On Maundy Thursday, the church recalls the events of Jesus’ life the day before he was crucified. This includes Jesus washing his disciples’ feet and the institution of the Lord’s Supper.
Good Friday is the most solemn of all days in the Christian church year. But the English title Good Friday reflects the joy of Christ’s completed act of redemption.
Lent is the season of preparation for Easter. The purpose of Lent is not to dwell on the sufferings of our Savior, but rather to prepare ourselves for a celebration of his resurrection. Lent is a time for repentance and prayer and for renewal of our Baptisms.
The Festival of Epiphany is the second-oldest festival of the Christian church. It is always January 6th and marks the start of the next season of the church year.
During Jesus’ earthly life, he gave us an epiphany of God’s true identity—his nature, character, and love. If Christmas celebrates the fact that the Father gave his only-begotten Son to the world, then Epiphany is the unwrapping of this gift.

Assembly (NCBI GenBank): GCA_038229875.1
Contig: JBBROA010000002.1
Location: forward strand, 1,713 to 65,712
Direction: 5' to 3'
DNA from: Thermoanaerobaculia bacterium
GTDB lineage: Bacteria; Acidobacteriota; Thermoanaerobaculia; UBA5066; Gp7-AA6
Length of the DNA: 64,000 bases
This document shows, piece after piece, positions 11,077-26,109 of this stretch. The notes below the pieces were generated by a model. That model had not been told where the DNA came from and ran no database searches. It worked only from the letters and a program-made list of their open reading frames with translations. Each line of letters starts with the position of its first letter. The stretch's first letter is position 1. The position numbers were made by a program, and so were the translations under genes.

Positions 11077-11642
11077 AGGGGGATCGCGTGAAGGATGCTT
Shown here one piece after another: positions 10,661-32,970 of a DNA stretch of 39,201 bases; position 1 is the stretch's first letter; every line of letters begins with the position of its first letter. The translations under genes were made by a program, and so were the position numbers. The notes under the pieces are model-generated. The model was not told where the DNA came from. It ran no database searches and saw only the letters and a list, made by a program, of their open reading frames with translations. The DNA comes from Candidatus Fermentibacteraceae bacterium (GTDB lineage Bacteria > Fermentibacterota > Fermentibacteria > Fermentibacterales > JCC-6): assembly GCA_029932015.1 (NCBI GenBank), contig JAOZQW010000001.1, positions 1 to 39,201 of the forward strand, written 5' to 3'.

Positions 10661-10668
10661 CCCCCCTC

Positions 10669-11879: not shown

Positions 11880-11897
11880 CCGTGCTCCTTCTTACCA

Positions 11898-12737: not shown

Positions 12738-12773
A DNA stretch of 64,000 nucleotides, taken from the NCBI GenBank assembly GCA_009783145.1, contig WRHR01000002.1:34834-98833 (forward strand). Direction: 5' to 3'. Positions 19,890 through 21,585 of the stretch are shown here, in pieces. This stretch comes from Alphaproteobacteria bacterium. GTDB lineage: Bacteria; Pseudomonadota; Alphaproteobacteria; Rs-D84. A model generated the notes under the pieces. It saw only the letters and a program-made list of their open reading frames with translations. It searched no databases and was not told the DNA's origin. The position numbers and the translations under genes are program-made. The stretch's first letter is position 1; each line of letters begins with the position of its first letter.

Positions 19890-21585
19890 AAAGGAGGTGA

Happy New Church Year!
We live in a time when we follow an annual calendar based on the orbit of the planet Earth around the sun. New Year’s day on that calendar is January 1st. The Christian church also follows a calendar, but based on the orbit of the Christian life around the Son of God.
At Pentecost, the wind brought the Spirit of God which re-created the people of Israel as the New Testament church. 3,000 people were baptized that day and the church was born. The name is an alternate name for the Jewish celebration of the Feast of Weeks, which occurred fifty (Latin: pente-) days after Passover.
The hymn “The Day of Resurrection” is one of the oldest hymns in our hymnary—written more than a thousand years ago by Saint John of Damascus. At the Easter Eve midnight service it is customary in Eastern Orthodox churches for worshipers to carry unlighted candles which are lighted on signal while this hymn is sung.